# Visual C# 2005 (Windows) Guide Sudoku: Advanced Solving

The program can only solve the simplest puzzles so far. To solve the average puzzle from a newspaper, we need to add a few more solving methods.

## Solving: Naked Pairs/Twins

One powerful strategy for solving puzzles is to look for what we can call twins or naked pairs. Study the screenshot below, Look carefully at the two cells with the red dot. These cells have two candidates, 4 and 6. Logic dictates that one of these cells must be 4 and the other 6. We don't know which one at this stage but that doesn't matter. What we do know is that these two numbers cannot appear in any other cell in the row. That means we can eliminate them as candidates from all other cells in the row. We may then find another step that can be solved more easily.

Naked pairs can occur in rows, columns or minisquares. To find them in say, a row, we have to find two cells in the row that have only two candidates and where the candidates are identical. We already have two methods in the GridSquare class that can help with this - NumCandiates() and DisplayCandidates().

## Solving: Naked Pairs In Rows

To find naked pairs in rows we need to,

• Look at each cell and check if there are exactly two candidates
• Check the remainder of the row for a cell with the same 2 candidates
• Loop throught the other cells in the row and eliminate the 2 candidates from all cells except the pairs
• If there were eliminations return a message and stop looking
• If not, continue looking for pairs in this row, moving onto the next if none are found.

The method to do this in our program is shown below. It is a bit of a beast and needs reading carefully to make sure that you can see what is happening.

```public string FindNakedPairInRow() {    string returnMessage = "0";    for (int row = 1; row <= 9; row++)    {       for (int col = 1; col <= 9; col++)       {          if (GridCell[row, col].Value == 0 && GridCell[row, col].NumCandidates() == 2)          {             //cell has two candidates - check for a match in the remainder of the row             for (int checkCol = col + 1; checkCol <= 9; checkCol++)             {                if (GridCell[row, checkCol].Value == 0 && GridCell[row, checkCol].DisplayCandidates() == GridCell[row, col].DisplayCandidates())                {                   //naked pair found - what are the values                   string numString = GridCell[row, checkCol].DisplayCandidates();                   numString = numString.Replace(" ", "");                   int numToEnter = System.Convert.ToInt32(numString);                   int val1 = numToEnter % 10;                   int val2 = (numToEnter - val1) / 10;                   //now eliminate these values from other cells in the row                   bool changeMade = false;                   for (int i = 1; i <= 9; i++)                   {                      if (i != col && i != checkCol)                      {                         if (GridCell[row, i].Value == 0 && GridCell[row, i][val1] == 0)                         {                            GridCell[row, i][val1] = 1;                            changeMade = true;                         }                         if (GridCell[row, i].Value == 0 && GridCell[row, i][val2] == 0)                         {                            GridCell[row, i][val2] = 1;                            changeMade = true;                         }                      }                   }                   if (changeMade)                   {                      //found naked pair - values have been eliminated                      returnMessage = "Row " + row + ": Naked Pairs " + numString + " in " + row + "," + col + " and " + row + "," + checkCol;                      return returnMessage;                   }                }             }          }       }    }    return returnMessage; }```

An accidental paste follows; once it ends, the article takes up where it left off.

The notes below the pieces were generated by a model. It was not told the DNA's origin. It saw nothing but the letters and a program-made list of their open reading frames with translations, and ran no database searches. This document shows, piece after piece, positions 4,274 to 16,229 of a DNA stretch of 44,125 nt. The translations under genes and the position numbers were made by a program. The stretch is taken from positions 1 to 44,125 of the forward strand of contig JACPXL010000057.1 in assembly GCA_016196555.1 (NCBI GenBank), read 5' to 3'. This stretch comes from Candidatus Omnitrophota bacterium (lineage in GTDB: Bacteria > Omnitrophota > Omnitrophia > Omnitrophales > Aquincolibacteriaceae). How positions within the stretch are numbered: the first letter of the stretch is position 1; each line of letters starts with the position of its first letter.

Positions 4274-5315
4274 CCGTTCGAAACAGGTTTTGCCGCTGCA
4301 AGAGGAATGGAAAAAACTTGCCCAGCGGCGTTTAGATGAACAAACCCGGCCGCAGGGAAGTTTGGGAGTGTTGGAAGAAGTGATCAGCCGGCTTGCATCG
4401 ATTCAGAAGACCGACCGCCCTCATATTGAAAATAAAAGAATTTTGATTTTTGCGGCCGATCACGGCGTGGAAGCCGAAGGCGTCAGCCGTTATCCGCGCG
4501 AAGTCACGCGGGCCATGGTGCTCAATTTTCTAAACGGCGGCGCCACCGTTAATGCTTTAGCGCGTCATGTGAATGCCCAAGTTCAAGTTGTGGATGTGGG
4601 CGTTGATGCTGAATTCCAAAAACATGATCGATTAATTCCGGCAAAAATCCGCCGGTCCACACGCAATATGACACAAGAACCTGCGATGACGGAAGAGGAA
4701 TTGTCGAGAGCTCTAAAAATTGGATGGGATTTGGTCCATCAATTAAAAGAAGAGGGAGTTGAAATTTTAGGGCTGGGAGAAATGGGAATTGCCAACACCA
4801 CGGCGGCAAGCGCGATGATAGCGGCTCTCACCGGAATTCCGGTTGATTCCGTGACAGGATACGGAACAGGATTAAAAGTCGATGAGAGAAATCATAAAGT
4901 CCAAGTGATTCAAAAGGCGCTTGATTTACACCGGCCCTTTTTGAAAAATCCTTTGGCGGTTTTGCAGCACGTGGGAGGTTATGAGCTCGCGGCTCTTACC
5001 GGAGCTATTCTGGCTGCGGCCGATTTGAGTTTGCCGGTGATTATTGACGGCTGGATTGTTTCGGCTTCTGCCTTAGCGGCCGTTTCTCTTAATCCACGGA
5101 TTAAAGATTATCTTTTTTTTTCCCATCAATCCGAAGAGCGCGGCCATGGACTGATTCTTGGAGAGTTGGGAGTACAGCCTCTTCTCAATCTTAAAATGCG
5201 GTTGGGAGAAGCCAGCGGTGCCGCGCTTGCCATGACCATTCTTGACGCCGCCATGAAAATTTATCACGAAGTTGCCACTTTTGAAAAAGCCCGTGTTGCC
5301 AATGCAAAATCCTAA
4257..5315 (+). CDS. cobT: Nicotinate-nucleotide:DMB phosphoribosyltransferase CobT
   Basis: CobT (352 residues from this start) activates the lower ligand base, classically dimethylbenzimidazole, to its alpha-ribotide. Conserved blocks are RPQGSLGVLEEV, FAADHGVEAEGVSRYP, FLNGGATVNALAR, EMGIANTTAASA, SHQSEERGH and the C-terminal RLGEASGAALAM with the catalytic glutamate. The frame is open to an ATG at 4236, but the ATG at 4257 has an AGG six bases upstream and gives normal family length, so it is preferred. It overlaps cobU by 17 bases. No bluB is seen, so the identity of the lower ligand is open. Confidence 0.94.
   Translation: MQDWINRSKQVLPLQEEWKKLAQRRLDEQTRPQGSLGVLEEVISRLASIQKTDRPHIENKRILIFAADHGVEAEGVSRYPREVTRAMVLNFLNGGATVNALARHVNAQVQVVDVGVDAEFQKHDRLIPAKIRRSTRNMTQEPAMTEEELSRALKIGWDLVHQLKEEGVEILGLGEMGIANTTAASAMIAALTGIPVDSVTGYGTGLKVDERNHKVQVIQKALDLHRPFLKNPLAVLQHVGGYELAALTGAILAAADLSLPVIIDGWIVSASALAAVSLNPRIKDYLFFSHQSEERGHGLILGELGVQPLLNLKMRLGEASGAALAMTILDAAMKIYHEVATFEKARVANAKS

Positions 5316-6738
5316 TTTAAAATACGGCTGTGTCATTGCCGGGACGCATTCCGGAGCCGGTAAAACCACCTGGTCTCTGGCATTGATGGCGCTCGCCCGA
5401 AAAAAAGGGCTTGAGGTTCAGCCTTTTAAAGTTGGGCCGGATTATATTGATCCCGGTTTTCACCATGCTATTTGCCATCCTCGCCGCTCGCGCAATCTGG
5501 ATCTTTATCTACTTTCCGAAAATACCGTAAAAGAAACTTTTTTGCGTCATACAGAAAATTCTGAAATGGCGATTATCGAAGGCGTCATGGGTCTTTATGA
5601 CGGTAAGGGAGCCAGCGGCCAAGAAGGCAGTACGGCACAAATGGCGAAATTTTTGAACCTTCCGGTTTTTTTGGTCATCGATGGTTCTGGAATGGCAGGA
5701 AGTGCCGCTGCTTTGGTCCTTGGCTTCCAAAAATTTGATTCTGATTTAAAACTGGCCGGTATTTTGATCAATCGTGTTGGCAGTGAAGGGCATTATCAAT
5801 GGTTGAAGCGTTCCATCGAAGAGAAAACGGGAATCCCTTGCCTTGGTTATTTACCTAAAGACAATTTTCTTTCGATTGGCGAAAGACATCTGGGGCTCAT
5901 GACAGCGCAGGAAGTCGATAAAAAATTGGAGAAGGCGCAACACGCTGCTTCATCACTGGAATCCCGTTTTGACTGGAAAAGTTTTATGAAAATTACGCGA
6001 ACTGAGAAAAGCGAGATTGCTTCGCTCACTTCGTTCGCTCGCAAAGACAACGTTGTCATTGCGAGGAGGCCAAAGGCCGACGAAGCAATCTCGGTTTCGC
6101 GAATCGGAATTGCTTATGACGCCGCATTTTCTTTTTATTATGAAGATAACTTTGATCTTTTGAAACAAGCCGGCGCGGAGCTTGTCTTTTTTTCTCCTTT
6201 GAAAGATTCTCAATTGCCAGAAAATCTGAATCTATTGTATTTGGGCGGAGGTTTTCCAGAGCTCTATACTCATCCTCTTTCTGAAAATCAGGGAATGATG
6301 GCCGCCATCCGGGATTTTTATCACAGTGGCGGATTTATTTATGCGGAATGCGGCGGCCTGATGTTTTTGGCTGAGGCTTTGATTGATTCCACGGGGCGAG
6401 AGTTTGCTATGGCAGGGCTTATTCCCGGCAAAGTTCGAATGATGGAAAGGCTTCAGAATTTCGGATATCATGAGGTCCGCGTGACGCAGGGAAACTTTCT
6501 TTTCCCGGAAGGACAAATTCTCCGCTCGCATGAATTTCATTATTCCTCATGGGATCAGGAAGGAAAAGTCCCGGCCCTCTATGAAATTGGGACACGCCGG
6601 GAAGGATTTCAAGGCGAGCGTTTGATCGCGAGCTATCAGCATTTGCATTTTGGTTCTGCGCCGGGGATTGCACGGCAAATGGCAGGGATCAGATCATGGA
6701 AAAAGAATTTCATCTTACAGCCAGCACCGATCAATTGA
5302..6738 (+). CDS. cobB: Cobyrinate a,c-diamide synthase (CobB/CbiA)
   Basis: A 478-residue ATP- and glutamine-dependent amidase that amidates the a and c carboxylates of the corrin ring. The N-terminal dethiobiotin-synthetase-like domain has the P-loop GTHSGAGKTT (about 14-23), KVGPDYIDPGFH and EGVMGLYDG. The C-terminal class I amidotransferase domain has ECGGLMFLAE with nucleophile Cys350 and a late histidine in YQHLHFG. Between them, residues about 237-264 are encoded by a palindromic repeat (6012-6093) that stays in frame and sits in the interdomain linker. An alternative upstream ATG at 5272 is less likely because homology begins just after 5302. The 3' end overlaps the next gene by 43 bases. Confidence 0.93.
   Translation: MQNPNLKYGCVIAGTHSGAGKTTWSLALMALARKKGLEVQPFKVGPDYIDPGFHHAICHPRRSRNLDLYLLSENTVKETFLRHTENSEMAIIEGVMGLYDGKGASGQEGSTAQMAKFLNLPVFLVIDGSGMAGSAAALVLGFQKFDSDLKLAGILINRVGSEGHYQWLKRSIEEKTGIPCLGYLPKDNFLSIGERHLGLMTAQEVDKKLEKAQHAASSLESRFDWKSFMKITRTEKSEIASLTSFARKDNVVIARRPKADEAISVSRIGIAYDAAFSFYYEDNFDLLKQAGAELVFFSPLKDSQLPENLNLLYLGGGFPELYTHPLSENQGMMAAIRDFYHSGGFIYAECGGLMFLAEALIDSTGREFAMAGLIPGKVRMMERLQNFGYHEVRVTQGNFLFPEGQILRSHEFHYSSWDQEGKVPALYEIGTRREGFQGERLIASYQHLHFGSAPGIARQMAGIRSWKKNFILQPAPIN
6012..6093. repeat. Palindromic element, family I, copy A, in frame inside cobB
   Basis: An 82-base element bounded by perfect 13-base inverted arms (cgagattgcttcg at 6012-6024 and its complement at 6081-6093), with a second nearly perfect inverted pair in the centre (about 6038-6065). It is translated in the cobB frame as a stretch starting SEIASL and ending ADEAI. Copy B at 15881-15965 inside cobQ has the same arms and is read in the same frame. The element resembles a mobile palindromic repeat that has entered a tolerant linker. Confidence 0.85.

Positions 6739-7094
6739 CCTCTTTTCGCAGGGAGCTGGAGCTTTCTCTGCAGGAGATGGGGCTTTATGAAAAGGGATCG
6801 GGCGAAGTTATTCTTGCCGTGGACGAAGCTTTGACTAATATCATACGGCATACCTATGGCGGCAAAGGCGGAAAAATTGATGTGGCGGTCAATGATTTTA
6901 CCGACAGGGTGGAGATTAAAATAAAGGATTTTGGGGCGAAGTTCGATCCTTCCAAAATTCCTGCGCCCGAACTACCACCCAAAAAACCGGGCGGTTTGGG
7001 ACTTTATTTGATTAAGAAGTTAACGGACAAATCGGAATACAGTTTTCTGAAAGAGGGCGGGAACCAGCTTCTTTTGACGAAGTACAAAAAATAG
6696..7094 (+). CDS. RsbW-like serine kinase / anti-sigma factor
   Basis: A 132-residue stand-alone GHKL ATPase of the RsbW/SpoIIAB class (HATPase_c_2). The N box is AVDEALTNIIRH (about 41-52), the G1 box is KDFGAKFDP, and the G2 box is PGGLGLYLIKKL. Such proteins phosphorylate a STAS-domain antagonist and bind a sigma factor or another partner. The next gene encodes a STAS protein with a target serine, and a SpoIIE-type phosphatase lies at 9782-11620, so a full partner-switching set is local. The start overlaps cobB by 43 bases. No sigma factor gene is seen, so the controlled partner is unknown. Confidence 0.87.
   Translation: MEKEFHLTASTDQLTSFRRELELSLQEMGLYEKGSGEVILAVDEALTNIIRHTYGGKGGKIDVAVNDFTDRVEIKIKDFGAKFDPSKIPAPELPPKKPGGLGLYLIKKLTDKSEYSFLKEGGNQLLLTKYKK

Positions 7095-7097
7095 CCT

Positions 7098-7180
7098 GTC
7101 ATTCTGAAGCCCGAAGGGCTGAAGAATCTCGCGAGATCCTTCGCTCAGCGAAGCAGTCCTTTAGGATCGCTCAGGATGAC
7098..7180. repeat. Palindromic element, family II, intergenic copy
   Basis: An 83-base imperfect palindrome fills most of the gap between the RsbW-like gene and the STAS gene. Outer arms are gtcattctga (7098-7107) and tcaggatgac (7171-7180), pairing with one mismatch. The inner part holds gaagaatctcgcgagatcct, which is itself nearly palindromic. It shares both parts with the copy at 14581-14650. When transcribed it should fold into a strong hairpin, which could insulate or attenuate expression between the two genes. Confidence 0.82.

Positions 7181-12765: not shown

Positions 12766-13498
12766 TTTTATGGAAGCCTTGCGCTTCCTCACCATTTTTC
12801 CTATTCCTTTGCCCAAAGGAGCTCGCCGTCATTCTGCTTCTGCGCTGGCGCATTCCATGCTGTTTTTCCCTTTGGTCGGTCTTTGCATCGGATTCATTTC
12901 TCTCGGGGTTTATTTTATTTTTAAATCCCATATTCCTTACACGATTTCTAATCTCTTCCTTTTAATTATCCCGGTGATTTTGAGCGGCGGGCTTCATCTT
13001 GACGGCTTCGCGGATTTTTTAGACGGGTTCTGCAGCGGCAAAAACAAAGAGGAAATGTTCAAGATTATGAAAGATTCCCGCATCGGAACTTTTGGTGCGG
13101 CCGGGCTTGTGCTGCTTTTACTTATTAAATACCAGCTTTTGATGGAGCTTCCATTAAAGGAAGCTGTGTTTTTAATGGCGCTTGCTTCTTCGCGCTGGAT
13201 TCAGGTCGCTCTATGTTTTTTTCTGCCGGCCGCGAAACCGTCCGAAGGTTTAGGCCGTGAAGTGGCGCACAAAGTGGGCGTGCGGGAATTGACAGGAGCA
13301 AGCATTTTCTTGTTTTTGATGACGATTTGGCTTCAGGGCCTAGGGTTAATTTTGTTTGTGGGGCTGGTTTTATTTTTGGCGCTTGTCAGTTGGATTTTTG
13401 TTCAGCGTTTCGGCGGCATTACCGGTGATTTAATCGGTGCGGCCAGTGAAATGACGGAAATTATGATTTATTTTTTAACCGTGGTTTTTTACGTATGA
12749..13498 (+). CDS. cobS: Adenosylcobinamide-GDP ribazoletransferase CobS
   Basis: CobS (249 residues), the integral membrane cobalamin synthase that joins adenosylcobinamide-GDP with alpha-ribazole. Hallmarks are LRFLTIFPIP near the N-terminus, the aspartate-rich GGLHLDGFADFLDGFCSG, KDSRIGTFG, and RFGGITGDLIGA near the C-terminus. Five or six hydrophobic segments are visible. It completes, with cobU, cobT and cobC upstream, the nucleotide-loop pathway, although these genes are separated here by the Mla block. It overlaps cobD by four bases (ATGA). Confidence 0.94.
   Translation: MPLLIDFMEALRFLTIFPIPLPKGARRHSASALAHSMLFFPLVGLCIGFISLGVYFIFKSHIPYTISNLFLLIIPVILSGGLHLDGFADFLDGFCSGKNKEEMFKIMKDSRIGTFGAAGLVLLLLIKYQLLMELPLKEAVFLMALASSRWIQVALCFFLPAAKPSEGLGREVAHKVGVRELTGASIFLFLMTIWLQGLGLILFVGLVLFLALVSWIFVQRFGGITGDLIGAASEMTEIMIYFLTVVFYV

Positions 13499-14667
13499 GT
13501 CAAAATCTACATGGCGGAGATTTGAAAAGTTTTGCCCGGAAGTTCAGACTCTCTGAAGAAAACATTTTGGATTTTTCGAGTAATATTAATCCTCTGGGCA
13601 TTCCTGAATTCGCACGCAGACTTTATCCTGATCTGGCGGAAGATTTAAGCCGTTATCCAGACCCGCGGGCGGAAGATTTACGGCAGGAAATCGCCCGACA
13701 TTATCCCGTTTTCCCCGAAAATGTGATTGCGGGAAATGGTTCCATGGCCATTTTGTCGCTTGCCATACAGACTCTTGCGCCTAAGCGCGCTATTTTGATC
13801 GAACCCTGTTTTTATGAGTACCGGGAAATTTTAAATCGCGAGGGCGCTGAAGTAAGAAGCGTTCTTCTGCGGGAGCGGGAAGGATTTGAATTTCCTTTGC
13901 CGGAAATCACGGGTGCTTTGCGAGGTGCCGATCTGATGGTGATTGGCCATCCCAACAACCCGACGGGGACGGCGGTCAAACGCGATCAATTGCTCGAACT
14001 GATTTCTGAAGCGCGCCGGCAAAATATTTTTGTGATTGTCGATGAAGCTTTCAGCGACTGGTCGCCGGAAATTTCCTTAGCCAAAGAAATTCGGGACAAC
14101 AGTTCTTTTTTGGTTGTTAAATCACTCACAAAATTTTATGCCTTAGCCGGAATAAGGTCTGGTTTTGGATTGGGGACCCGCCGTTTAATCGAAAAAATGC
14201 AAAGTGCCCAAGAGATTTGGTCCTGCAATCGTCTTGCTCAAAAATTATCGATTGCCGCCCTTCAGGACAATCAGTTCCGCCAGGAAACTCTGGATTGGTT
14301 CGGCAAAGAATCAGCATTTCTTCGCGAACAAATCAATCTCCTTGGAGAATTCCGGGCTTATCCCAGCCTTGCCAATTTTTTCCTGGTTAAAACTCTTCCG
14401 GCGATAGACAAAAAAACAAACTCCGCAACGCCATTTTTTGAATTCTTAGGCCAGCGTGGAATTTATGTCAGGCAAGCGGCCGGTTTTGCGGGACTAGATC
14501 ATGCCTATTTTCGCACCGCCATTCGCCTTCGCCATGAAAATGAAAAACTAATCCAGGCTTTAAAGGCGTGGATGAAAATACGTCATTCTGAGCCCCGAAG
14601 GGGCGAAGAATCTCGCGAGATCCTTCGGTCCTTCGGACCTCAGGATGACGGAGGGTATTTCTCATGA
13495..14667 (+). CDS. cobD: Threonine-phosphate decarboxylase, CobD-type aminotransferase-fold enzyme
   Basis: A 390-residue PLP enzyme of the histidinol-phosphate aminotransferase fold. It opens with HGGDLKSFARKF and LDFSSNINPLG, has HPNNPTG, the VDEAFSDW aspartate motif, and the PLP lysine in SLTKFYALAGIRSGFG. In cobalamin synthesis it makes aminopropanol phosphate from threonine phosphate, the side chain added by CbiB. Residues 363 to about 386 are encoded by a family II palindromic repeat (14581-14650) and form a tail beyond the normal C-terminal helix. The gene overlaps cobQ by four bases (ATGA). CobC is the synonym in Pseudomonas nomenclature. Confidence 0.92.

Obviously, you plug this method into the SolveNextStep() method as you have with the others

## Solving: Naked Pairs In Columns & MiniSquares

The FindNakedPairsInRow() method can be converted to work with columns. Look at how we changed the FindSingleInstanceInRow() method to work for columns on the previous page.

Remember that it is always a bit trickier to work with minigrids - but you should get there if you adjust the bullet point steps shown above to examine the values in a minigrid rather than a row or column.

Complete all 3 of the Naked Pairs methods and test the application before moving on.